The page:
Parklet Programme

What is a Parklet?

A parklet is a small pavement extension, usually extending one or two car parking space lengths, often appearing to be a miniature park (hence the name). It uses non-permanent material such as timber and combines elements such a boundary enclosed space, decking, planter boxes and planting, seating, bike parking and signage. Parklets are intended to be publicly accessible and provide space for people to sit, relax and enjoy the area around them, especially where narrow pavements would otherwise preclude such activities.

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Who can use a Parklet?

As a parklet is a public space that can be used by everyone. It is not a private property and it is not limited to customers of the surrounding business. Each parklet has a sign on it clearly indicating that it is a public space.

What are the benefits of parklets?

In other cities around the world parklets have added much-needed green open space to dense urban environments. Anyone can sit down to eat or read, rest a while and look around as they notice the variety of things to do and places an area  has to offer. In San Francisco, parklets increased peoples’ sense of a neighbourhood’s character from 80% to 90% as well as increasing foot traffic, particularly during week days and they encouraged people to linger longer in an area (and all without increasing anti-social behaviour).

The first Glasgow Parklet was designed by Ice Cream Architecture in collaboration with its local host the Centre for Contemporary Art and it was positioned in a loading bay between 340 – 344 Sauchiehall Street. Ice Cream Architecture were part of the Stakeholder Engagement Team for the development of the Regeneration and Garnethill District Regeneration Framework. The Parklet was built by Community Safety Glasgow using their Community Pay Back Scheme using where they can reclaimed timber. It was a cross departmental collaboration, with Land and Environmental Services (Parks and Roads) providing assistance with permits, coning off the loading bay, installation of the parklet and also providing the planting. Community Safety Glasgow also provided CCTV monitoring of the parklet during its pilot period of 2 months.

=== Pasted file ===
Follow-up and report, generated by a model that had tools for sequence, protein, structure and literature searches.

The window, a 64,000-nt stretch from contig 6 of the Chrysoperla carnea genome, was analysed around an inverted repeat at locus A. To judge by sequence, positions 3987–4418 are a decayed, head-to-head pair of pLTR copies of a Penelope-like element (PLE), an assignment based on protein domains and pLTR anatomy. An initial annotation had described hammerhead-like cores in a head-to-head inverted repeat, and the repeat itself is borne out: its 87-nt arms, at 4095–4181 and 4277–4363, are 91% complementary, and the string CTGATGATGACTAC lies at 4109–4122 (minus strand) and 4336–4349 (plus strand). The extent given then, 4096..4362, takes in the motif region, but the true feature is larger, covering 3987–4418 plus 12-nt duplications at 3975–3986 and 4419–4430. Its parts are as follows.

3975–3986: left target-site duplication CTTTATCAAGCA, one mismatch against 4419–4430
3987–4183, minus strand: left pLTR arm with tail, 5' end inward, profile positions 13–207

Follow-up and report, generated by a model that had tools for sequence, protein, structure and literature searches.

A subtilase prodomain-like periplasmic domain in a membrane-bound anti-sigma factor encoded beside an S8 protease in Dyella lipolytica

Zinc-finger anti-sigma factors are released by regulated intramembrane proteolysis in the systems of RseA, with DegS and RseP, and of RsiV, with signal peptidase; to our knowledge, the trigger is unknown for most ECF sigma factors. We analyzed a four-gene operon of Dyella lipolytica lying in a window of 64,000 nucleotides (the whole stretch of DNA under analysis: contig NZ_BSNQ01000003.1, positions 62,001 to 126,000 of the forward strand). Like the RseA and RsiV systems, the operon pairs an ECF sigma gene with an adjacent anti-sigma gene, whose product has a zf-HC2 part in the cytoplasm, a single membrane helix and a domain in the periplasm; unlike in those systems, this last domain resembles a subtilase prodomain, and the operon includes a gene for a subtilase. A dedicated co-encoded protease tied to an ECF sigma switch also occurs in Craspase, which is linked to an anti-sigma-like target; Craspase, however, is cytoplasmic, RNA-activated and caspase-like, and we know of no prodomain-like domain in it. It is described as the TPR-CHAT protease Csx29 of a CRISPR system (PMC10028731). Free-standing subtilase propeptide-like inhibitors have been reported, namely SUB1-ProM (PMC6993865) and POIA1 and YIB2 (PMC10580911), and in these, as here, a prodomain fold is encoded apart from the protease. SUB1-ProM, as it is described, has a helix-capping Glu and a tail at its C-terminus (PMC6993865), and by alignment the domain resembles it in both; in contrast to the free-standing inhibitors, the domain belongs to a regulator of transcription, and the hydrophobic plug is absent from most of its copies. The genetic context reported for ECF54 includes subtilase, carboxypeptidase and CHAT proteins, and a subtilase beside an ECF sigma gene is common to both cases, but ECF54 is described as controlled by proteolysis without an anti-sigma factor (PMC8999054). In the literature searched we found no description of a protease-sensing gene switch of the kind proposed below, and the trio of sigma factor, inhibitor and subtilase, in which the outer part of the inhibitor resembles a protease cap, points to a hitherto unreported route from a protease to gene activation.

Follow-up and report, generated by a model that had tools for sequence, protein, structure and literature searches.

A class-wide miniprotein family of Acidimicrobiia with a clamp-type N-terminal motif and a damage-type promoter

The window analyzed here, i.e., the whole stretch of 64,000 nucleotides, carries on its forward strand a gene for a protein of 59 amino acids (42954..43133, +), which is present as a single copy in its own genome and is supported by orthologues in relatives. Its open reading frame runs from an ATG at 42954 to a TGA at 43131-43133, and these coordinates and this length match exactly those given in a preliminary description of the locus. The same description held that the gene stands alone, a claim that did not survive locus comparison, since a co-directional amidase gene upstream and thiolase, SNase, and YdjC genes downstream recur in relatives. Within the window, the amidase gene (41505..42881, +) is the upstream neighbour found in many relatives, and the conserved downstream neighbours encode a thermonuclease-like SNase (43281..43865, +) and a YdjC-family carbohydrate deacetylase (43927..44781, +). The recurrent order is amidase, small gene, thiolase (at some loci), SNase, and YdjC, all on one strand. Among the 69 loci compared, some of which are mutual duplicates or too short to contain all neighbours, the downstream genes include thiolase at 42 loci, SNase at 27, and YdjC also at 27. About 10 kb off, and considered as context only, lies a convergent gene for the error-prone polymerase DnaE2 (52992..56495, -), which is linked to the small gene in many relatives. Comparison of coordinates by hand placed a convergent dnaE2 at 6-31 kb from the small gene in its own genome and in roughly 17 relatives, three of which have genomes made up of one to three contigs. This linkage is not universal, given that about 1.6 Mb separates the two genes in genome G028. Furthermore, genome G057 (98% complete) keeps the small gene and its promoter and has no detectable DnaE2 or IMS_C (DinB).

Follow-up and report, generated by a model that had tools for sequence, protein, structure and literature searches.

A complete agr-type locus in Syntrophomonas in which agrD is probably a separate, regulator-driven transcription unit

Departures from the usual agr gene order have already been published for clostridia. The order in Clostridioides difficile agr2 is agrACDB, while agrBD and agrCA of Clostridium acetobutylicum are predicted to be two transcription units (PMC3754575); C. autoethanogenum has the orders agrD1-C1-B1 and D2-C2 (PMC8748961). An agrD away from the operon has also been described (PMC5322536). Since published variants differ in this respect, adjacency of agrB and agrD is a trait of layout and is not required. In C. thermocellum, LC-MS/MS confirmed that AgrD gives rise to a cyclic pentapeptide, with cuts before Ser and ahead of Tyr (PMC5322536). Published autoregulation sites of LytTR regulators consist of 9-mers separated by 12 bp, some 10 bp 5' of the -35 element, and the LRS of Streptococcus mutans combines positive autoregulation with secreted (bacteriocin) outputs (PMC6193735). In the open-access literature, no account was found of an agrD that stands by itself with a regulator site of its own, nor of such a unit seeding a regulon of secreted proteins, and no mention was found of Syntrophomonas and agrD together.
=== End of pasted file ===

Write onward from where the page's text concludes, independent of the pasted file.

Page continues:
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The planters and plants from the parklet have been successfully relocated to the Garnethill Multicultural Centre on Rose Street with the help of Community Safety Glasgow, LES Parks and LES Roads. The plants would never have survived a winter of storage so we are delighted that they have found a new home in the heart of the local community.

The project was developed in collaboration with San Francisco Planning Department with the Department of Public Works and Municipal Transportation Agency. For more information go to:

Map of Projects Around the World

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